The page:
Review: Karnak #2
After several months hiatus, Warren Ellis and Gerardo Zaffino’s (with inking help from Antonio Fuso) meditation in minimalism returns with Karnak #2. Its plot is simple. Karnak, an Inhuman martial artist and philosopher, is tasked by S.H.I.E.L.D. to rescue an Inhuman boy from a dark, cult-like organization called the I.D.I.C., who sees him as an archetypical Chosen One. The comic is part martial arts extravaganza, part philosophical debate, and it definitely draws inspiration from the tightly edited, no room for fatty subplots action films of the 2010s, like The Raid, Dredd, Hawywire, and John Wick, with a dash of superheroes and pop philosophy. Plus he one punches a church building.
Most of Karnak #2 is silent sequences involving punching, martial arts moves, and Karnak using literal fragments from his environment to dispatch his opponents. Zaffino and Fuso’s inking style is rougher and scratchier than the previous issue as the cool fighting moves getting covered in speed line and pitch black colors from Dan Brown. The art style is reminiscent of some of Bill Sienkiewicz’s looser work, like Elektra Assassin , but with less of a painting influence even if some panels are hit and miss. But when Zaffino, Fuso, and Brown hit, the result can be pretty breathtaking like Karnak taking out a line of goons with splinters, or the revelation that the creepy, priestlike man keeping the Inhuman boy has his own special ability known as Zen Gunnery. He channels his faith into a weapon in a way similar to Morpheus in The Matrix, but instead of standard issue martial arts and marksmanship, he gets a cool Inhuman power with a burst of red. But he’s no match for Karnak, the philosopher/warrior, who dismantles his flimsy Messianic philosophy
Karnak is definitely the most unlikely protagonist to have a book in All-New, All-Different Marvel. He’s cold, humorless, and tells his opponents how he is going to defeat them, like Midnighter, but with none of his wit. (Ellis was actually the co-creator back in Stormwatch so it’s interesting to pit the characters’ abilities and temperaments against each other.) There is really no suspense when he takes out the Inhuman boys’ guards in the first half of the issue, but Ellis hooks readers for upcoming issues (Other than the promise of more skillful pugilism.) by giving Karnak himself a relatable character flaw: loneliness.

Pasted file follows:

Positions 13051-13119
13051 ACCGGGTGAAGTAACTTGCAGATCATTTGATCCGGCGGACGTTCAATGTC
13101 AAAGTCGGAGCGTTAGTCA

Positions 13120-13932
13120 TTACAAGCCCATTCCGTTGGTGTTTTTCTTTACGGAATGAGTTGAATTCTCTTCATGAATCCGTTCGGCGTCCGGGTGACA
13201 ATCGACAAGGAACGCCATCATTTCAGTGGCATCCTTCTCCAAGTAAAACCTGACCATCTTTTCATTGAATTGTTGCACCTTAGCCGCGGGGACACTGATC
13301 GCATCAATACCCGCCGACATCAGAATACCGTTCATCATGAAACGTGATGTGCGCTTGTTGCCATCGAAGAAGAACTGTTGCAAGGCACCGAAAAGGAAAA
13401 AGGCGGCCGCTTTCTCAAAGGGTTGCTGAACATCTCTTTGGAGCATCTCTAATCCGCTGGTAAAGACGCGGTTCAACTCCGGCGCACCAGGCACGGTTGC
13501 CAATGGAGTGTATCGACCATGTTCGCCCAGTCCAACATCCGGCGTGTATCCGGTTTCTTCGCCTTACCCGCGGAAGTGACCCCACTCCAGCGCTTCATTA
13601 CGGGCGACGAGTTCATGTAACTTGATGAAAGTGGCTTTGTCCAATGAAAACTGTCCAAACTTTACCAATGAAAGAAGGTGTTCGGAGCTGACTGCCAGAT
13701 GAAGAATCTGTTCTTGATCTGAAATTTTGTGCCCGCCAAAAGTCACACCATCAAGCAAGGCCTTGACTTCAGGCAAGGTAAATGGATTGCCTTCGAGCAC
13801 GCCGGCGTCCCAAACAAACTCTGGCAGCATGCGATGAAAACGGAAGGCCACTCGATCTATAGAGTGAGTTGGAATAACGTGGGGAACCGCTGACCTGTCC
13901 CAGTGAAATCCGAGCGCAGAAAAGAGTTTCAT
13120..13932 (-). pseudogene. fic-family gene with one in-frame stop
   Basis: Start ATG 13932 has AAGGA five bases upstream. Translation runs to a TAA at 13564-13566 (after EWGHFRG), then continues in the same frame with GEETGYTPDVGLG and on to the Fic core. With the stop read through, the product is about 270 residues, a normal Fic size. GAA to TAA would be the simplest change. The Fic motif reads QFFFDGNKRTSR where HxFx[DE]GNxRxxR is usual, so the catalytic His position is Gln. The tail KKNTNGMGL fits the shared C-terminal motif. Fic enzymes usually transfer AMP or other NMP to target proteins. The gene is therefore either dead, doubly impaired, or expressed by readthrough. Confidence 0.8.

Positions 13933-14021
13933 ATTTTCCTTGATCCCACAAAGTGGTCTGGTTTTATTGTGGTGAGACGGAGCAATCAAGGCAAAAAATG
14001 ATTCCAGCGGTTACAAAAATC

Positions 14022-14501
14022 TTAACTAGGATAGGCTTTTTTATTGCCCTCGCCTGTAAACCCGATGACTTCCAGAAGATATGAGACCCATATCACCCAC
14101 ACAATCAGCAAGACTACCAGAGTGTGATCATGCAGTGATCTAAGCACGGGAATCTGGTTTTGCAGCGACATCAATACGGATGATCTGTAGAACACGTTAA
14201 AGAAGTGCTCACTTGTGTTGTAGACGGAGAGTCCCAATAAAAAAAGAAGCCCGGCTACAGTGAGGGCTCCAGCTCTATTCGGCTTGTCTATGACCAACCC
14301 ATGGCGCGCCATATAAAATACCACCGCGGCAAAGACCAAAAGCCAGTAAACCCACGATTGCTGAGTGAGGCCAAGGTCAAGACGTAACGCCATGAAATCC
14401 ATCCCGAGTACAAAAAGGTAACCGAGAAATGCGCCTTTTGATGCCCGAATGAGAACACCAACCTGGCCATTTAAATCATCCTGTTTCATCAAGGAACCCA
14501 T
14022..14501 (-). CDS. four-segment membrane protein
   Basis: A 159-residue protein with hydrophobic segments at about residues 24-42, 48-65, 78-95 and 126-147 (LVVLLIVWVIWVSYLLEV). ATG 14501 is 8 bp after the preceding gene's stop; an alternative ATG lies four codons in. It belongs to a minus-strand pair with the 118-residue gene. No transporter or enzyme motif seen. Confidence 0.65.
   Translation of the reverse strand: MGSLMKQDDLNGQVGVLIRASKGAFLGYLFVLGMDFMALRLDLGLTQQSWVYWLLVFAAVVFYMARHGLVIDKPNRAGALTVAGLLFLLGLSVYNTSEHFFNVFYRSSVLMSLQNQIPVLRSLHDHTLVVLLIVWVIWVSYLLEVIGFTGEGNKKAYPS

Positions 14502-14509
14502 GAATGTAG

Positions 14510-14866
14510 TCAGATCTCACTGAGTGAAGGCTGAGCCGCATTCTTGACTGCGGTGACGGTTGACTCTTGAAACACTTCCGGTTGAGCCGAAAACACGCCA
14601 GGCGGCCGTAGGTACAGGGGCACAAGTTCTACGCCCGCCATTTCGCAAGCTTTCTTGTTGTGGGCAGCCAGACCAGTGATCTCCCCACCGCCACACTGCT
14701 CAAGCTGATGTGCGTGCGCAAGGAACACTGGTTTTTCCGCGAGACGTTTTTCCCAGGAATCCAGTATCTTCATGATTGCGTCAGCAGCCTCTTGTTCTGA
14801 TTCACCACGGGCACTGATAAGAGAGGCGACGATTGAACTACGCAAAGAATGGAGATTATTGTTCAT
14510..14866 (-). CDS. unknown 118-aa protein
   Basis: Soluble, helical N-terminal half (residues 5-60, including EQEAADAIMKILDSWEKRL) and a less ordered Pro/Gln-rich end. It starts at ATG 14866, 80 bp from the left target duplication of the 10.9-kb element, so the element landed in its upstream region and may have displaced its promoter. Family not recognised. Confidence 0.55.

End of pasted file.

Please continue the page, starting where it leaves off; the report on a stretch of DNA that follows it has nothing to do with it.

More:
From the opening of the issue where he builds blocks and takes them down while his parents argue about exposing him to the Terrigen mists or not to its conclusion where he drinks water alone while people are kissing and dancing, Karnak is truly isolated. He has no personal connections, and his current mission, argument, or fight is his life. But perhaps he wants to be part of something bigger just like the Zen gunning priest, and it will be interesting to see if Ellis develops Karnak’s character or just uses him as a cipher for fight scenes or philosophical debates.
In its second issue, Karnak continues to develop its identity as a minimalist kung fu philosophy comic with a side of science fiction and an incredibly cranky protagonist. The comic sort of just trails off at the end, but Karnak’s interest in finding the Inhuman “savior” out of true faith or to prove people wrong sets up the rest of the series. Gerardo Zaffino and Antonio Fuso’s art is roughly inked (Almost too rough in some spots.) and hard hitting, but lacks the ballet-like choreography of Ellis’ previous action minimalist Marvel story, Moon Knight #5 that he did with Declan Shalvey and Jordie Bellaire.
Story: Warren Ellis Art: Gerardo Zaffino with Antonio Fuso Colors: Dan Brown
Story: 7.5 Art: 7 Overall: 7.3 Recommendation: Read